Plugley rates, on a. number of luxuries, such
a<; champagne and wines, yachts, diamonds, etc.;
on most agricultural products, such as wheat,
barley, etc.— all of which increases were insisted
on by the "insurgent" element in the Republican
party Rnd often by a considerable number of
Democrats — ami In the wooDen and cotton sched
ules. In the latter* case the (Senate lcsders main
tain that they have merely so reworded th* law
as to restore the rates which the framcrs of the
Dingley law intended should be assessed, but
which were lowered through unforeseen inter
pretation?. In the case of the woollen schedule,
while th»» Senate conferrees will doubtless make
a determined effort to maintain their increases
in conference, there are many members of the
Senate, including organization Republicans, who
would be glad to see their conferrees compelled
to accept the lower provisions of the House Mil
THE TARIFF COMMISSION.
Probably the greatest improvement made by
the Senate in the bill is the. provision for b
tariff commission. The leaders were unwilling
to provide for such a commission as many
deemed important. Nevertheless, they have
given the President ample authority to employ
all such experts as bo may consider necessary
and to fix their compensation, so that there
seems to be abundant reason to expect that
whenever another revision of the tariff is under
taken there will be definite data on whfoa to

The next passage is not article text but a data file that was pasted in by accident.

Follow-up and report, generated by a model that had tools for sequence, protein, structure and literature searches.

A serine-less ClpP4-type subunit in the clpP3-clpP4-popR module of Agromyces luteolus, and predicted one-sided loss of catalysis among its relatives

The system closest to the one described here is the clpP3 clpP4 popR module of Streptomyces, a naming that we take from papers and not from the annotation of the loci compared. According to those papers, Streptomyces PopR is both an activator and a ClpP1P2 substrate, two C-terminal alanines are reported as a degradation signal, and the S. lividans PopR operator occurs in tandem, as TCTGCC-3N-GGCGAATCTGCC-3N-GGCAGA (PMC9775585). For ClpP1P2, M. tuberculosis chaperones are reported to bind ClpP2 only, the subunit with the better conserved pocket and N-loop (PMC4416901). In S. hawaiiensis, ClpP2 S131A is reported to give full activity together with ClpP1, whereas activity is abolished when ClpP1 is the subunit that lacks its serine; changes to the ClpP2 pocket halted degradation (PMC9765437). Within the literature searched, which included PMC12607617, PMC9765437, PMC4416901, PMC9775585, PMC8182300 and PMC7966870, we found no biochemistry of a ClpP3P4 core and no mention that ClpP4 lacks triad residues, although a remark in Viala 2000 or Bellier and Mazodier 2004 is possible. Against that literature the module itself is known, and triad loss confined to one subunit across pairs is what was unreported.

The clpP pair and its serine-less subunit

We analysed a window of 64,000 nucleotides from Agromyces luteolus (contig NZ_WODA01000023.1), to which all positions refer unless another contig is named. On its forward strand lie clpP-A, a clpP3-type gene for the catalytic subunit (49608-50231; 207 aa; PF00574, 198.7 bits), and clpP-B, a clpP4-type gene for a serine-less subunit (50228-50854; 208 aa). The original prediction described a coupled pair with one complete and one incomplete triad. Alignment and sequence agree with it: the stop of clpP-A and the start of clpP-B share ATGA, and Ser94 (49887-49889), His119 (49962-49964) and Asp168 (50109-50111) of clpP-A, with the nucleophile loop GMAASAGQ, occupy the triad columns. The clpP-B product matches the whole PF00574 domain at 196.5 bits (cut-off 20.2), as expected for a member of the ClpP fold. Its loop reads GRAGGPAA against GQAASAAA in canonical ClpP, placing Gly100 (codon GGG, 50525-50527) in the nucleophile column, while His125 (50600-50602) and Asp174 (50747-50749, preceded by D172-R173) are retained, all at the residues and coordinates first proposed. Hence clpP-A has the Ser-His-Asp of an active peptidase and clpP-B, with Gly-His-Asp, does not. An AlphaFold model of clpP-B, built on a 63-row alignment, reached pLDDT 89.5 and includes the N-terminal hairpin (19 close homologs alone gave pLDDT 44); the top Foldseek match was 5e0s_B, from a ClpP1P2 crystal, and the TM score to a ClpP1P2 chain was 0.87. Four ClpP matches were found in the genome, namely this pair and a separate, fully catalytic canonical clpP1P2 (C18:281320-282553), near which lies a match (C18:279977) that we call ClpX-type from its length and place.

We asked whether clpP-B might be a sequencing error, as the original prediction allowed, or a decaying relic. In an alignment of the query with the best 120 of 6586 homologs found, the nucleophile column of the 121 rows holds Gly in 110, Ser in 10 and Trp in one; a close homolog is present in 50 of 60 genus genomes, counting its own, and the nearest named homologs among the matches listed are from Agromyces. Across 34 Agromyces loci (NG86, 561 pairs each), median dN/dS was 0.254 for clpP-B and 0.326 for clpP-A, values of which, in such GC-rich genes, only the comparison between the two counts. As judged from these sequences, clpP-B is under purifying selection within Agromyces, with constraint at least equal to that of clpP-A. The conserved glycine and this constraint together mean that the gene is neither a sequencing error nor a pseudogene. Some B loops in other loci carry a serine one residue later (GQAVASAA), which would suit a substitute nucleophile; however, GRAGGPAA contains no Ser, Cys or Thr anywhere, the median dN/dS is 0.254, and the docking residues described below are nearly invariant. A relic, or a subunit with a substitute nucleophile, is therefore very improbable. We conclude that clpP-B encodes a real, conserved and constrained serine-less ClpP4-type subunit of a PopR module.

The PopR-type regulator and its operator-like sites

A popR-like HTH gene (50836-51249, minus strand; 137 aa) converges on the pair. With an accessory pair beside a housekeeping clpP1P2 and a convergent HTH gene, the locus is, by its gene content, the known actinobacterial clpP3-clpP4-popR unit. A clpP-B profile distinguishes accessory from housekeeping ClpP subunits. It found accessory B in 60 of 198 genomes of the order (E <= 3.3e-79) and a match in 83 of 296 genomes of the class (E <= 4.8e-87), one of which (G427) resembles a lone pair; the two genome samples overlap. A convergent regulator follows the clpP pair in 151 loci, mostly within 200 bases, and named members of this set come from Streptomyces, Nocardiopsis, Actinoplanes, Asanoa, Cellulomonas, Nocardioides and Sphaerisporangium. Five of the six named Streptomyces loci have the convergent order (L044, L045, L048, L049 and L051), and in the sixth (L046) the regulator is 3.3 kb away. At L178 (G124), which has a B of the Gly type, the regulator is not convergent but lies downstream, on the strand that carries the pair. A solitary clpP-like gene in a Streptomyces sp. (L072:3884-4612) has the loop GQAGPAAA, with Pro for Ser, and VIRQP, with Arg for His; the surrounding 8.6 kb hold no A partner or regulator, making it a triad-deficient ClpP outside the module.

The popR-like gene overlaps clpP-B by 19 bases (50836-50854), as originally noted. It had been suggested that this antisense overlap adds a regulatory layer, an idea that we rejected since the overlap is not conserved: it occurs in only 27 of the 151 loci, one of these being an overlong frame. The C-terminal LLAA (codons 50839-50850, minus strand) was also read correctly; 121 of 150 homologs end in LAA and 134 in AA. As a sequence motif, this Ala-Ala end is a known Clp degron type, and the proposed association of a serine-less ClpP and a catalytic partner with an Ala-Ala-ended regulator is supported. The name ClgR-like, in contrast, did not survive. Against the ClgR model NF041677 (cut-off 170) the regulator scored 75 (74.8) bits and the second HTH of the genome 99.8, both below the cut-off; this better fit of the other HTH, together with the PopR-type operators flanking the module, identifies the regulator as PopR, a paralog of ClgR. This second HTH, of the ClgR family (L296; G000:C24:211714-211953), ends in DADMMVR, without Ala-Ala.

work, instead of what Senator Root has called
"conjecture and guesswork."
An important change mad* by the Senate con
sists of the altered maximum and minimum pro
vision, which makes the maximum rates the
normal, and authorizes the President to grant
the minimum as a concession. The House pro
vision made the minimum rates th« normal an!
made the imposition of the maximum rate* a
retaliatory act. Opinion differs as to the merits
of the two provisions, but President Tuft. Be« -
retary- Knox and Senator Root, whose experience
as Secretary- of State lends weight to his diplo
matic opinion, regard the Senate provision as a
great improvement.
The Senate, has also substituted the tax on tb<s
net earnings of corporations for th« inheritance
tax imposed by the House, a step which has met
with extensive criticism, although the President
and his advisers regard it as a most desirable
measure, for the reason that in addition to fore
stalling any possible deficiency, they believe It
insures a federal supervision over the affairs of
all corporations which Mr. Tsft considers all
important and a first step in a well denned pol
icy of federal supervision ever corporations.
The Senate leaders consider that their work
on th- schedules has been too severely j'id*-cl.
in view of the difficulties with which they hare
had to contend, notably the constant readiness
of the "Insurgent" Republicans to combine with
the Democrat* to force up rate? en all agri
cultural and other products at their own states.
The restoration of th* Dingley duty on hides,
the increase by 12S per cent of th* duty on